The Cinema's location in the Domain overlooking the city is a beautiful venue. Gates open at 6.30, but the film cannot be shown until dark, so people eat and drink in the meantime, taking advantage of the view to turn it into a real night out.
Construction of the Cinema is a major undertaking in its own right. The huge screen is mounted on pylons in the harbour along with all the mechanicals required to raise it as darkness sets. The tiered open air auditorium seating 2,000 has to be built, as do all the food and bar areas. Then, at the end of the season, it all has to be dismantled and the site returned to its original condition. The whole process is large scale and expensive. You can see why ticket prices have to be high!
I hadn't been to the Cinema in some time, but last night a ticket became available. By chance, it turned out to be the opening night of the 2016 season and also the Sydney premiere of the new Australian film Looking for Grace. I had noticed the cordoned area with its red carpet at the waterside, but hadn't thought about it until there was a rush of people to take photographs. Needless to say, I joined the throng.
Looking for Grace takes the form of a series of interconnected stories.
The starting story, Grace’s story, introduces Grace (Odessa Young) and her friend (Kenya Pearson) who have, it appears, run away from home to go to a rock concert. However, there is more to it than that.
In her introduction to the film just before screening, Director Sue Brooks told the audience that we should work through this scene. I can see why she did this and will explain why later. However, it was an error. She would have been far better off briefly explaining the structure of the film, helping us to understand.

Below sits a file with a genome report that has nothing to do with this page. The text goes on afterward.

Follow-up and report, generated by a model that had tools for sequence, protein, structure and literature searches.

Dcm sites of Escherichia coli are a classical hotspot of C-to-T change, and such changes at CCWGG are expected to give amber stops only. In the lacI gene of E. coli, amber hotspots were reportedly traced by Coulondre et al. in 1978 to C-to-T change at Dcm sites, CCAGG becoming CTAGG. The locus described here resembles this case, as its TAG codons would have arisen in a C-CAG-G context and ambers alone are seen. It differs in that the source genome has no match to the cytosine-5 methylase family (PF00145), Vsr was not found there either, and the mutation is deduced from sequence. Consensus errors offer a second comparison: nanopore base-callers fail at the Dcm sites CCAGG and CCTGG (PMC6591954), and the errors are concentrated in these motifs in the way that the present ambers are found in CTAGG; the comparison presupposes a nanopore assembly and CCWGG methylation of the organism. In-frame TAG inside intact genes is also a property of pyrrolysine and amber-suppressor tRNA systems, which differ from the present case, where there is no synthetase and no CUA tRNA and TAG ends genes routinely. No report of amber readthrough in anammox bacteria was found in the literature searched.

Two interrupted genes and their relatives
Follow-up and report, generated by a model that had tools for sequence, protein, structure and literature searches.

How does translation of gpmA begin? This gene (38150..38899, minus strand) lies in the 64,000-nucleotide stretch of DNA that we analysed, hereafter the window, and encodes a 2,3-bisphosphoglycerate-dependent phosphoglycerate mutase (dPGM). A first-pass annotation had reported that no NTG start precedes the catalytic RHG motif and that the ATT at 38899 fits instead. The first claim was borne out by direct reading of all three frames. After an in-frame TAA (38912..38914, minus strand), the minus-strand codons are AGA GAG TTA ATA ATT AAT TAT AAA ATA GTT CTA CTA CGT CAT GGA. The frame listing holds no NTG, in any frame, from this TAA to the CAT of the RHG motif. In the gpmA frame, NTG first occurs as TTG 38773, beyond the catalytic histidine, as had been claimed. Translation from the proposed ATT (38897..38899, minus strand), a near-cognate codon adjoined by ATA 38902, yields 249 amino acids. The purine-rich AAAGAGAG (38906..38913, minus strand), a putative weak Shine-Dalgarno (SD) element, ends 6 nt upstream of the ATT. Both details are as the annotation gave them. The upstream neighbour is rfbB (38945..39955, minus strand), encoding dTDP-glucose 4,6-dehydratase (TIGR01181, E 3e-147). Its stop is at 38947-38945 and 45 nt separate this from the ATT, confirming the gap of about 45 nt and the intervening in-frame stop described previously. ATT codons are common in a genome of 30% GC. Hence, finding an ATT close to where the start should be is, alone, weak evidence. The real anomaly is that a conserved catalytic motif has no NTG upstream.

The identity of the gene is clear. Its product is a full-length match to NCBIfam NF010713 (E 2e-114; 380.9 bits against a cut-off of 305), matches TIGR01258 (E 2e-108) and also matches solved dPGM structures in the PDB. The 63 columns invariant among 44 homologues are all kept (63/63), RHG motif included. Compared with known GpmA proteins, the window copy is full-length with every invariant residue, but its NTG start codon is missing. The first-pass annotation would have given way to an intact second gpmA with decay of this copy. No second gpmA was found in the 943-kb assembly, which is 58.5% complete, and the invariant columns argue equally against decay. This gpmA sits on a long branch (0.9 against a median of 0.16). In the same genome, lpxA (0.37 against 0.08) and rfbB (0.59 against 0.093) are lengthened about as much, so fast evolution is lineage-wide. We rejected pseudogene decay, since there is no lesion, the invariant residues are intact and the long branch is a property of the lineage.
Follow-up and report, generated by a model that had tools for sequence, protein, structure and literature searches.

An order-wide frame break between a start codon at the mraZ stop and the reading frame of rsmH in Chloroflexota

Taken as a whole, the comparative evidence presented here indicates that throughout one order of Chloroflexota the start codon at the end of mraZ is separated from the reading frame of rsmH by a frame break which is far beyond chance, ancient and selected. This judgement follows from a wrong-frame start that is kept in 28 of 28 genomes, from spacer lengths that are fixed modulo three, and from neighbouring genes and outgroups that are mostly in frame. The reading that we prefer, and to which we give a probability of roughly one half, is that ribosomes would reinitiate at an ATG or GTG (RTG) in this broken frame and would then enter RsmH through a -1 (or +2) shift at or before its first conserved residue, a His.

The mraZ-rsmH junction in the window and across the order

The film then switches to the respective stories of Grace's parents, Denise (Rahda Mitchell) and Dan (Richard Roxburgh). The next shot shows them both at the premiere.See what I mean by the beauty of the location?
Both Mitchell and Roxburgh are considerable talents with substantial cinema records. Mitchell is also very sexy (am I allowed to say that today?), more so than you would think from her portrayal in this role where the setting required her to focus on the domestic.
I think that Mtchell's performance was better than Roxburgh's. This is not a criticism of his acting ability, rather that Sue Brooks as both writer and director miscalculated and especially in the potential adultery scene where Roxburgh's portrayal did not quite ring true. Indeed, there were several places in the movie where the detail in the plot lines just didn't come off. A director has to be very focused and disciplined. That's hard where the director is also the writer. How do you as director say to you as writer this isn't quite working? Or vice verca?
There were two more sub stories, one involving Terry Norris as the private detective, a second and short one involving Bruce (Myles Pollard), a truck driver. The second was necessary for the plot, but I'm not sure about the first. Before giving a summing up, here is another cast photo.
Writing in Variety, Guy Lodge was critical of aspects of the film while also recognising some of the strengths. He focused on the ennui of down-under life.There are elements here that I need to think about before responding properly, elements best summarised (and this is a very Australian comment) by the distant sounds of a crow's caw on a quiet morning with its remoteness and loneliness. There are also elements that I just thought were too stretched, that brought me out of that suspension of disbelief necessary for full enjoyment. This wasn't helped by the fact that the narrow gaps between the rows were making my legs and especially my knees hurt.
Given this, should you see the film if you get a choices? Yes, you should. I think that it might become a minor Australian classic as much for its weaknesses as its strengths. It's an interesting film. .